Coconut, peanut butter, and honey biscuit dog treats – Heat your oven to 375 degrees Fahrenheit and combine one cup of water, one egg, ½ of a cup of natural coconut flour, and 1 1/2 cups of peanut butter along with two tablespoons of baking powder, one tablespoon of honey, and ½ cup of melted coconut oil. Roll the dough out on the cutting board and create fun-shaped biscuits for your pup. Bake them for 15 to 20 minutes or until they are set.
Coconut, banana, and blueberry smoothie – Blend together one cup of ice, one tablespoon of peanut butter, one tablespoon of coconut oil, one cup of blueberry, and one banana. When serving a smaller dog, make sure you portion the smoothie out accordingly based on how much coconut oil your dog should have a day and refrigerate the rest.
Tips When Giving a Dog Coconut
Only give your dog organic coconut milk
When choosing between feeding your dog natural and non-natural coconut milk, choose natural milk. You will find non-organic coconut milk uses pesticides that can be harmful to your dog and can possibly result in your dog getting seriously ill or dying. Make sure to look for the most natural coconut milk product that is available to you since that is what will give your dog the most nutritional benefits. If you can get an entire, organic coconut where you live, then that is the best choice for your coconut milk since it will not have been processed at all.
Don’t overfeed your dog coconut Milk, meat, or water
Remember that saying, too much of a good thing is bad? Well, the same thing can be said about coconut and your dog. All coconut products have a high-fat content, which can lead to pancreatitis and weight gain for a dog. Plus, coconut oil may irritate your dog’s stomach lining as well as increase his odds of developing a leaky gut if they eat more than they should. If your dog is showing symptoms of diarrhea, vomiting, lethargy, or a decreased appetite take them to the veterinarian so they can be checked for pancreatitis as soon as possible.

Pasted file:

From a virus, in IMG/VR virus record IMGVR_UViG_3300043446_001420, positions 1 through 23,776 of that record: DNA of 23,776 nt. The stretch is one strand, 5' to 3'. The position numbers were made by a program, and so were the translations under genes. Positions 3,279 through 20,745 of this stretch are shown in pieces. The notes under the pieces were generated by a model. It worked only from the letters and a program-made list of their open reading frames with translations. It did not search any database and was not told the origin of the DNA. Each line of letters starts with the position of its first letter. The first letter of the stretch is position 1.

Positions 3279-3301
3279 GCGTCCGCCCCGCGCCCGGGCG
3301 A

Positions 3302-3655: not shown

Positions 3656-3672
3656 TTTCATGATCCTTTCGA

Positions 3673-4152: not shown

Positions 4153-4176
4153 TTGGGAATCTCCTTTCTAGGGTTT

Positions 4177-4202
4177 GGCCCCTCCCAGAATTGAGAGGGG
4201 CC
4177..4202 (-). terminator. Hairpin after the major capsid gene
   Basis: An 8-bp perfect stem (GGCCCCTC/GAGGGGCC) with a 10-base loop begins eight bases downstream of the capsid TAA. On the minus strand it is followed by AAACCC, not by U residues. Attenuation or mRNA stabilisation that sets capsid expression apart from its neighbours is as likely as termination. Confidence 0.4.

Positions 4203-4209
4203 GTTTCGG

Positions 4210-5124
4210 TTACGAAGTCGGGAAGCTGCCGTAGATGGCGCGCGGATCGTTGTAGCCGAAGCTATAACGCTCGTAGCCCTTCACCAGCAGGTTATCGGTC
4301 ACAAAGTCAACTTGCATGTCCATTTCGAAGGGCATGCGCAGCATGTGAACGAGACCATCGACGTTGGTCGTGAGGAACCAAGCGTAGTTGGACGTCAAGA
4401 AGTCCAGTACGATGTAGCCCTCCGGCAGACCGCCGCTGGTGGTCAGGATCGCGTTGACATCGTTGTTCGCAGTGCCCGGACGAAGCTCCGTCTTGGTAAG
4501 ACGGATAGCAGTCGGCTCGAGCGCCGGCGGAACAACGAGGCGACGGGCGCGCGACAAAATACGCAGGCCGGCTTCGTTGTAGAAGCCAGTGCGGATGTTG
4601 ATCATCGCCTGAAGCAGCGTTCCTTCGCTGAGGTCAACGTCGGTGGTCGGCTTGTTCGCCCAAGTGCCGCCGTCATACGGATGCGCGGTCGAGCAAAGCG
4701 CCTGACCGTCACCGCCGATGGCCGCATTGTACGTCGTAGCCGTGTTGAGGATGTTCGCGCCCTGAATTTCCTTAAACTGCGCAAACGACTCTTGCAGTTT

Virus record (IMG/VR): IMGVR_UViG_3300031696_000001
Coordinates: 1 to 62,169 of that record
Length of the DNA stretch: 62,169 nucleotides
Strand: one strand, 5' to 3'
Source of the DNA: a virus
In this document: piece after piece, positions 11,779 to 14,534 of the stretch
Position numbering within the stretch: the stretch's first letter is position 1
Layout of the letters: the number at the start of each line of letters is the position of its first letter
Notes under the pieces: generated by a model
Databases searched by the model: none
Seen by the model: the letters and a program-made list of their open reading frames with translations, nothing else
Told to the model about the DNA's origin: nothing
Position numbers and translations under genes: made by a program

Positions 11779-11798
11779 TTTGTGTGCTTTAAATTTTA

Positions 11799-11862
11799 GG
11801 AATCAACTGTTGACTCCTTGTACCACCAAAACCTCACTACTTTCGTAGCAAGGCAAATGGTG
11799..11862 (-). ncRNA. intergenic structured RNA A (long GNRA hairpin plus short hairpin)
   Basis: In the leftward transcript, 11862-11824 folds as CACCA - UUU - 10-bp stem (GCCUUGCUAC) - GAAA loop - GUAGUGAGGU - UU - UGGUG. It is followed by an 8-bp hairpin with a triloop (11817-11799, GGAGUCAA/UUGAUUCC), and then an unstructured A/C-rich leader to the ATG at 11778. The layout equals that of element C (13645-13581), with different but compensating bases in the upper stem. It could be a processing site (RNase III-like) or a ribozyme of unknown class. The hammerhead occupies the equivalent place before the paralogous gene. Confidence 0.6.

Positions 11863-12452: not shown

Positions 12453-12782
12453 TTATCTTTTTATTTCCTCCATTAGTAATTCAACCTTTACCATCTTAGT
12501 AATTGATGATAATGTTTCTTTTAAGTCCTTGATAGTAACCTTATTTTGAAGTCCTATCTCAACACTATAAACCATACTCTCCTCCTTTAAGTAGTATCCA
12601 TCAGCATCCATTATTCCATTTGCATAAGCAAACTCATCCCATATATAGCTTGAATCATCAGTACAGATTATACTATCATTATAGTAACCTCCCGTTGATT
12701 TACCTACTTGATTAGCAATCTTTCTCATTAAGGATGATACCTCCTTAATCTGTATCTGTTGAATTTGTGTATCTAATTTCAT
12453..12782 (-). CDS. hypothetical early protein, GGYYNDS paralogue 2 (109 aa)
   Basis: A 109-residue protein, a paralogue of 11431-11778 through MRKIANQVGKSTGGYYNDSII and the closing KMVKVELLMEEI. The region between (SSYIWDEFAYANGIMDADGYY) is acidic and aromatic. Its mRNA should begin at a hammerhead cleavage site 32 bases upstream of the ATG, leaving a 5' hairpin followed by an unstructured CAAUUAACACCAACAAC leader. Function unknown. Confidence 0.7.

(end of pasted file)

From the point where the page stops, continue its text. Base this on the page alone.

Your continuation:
Stop feeding your dog coconut if his stomach becomes irritated
If your dog doesn’t like coconut, they will tell you as you watch how they act. If your dog has diarrhea, is vomiting, is refusing to drink or eat anything coconut related, or pulls back when smelling coconut, then you should reduce the amount of coconut you are giving them. If these symptoms continue after decreasing the amount they eat each day, then you should stop feeding them coconut altogether.
Do not give a dog the entire coconut
Remember never to give your dog the entire coconut. The coconut husk is fiber, but it isn’t the kind of fiber that’s good for your dog’s health. The number of fatty acids in the coconut shell can cause a lot of gastrointestinal issues, so it’s important to feed them coconut in moderation. Also, giving your dog an entire coconut shell can possibly result in the shell getting stuck in their esophagus and causing an internal blockage which would be extremely painful.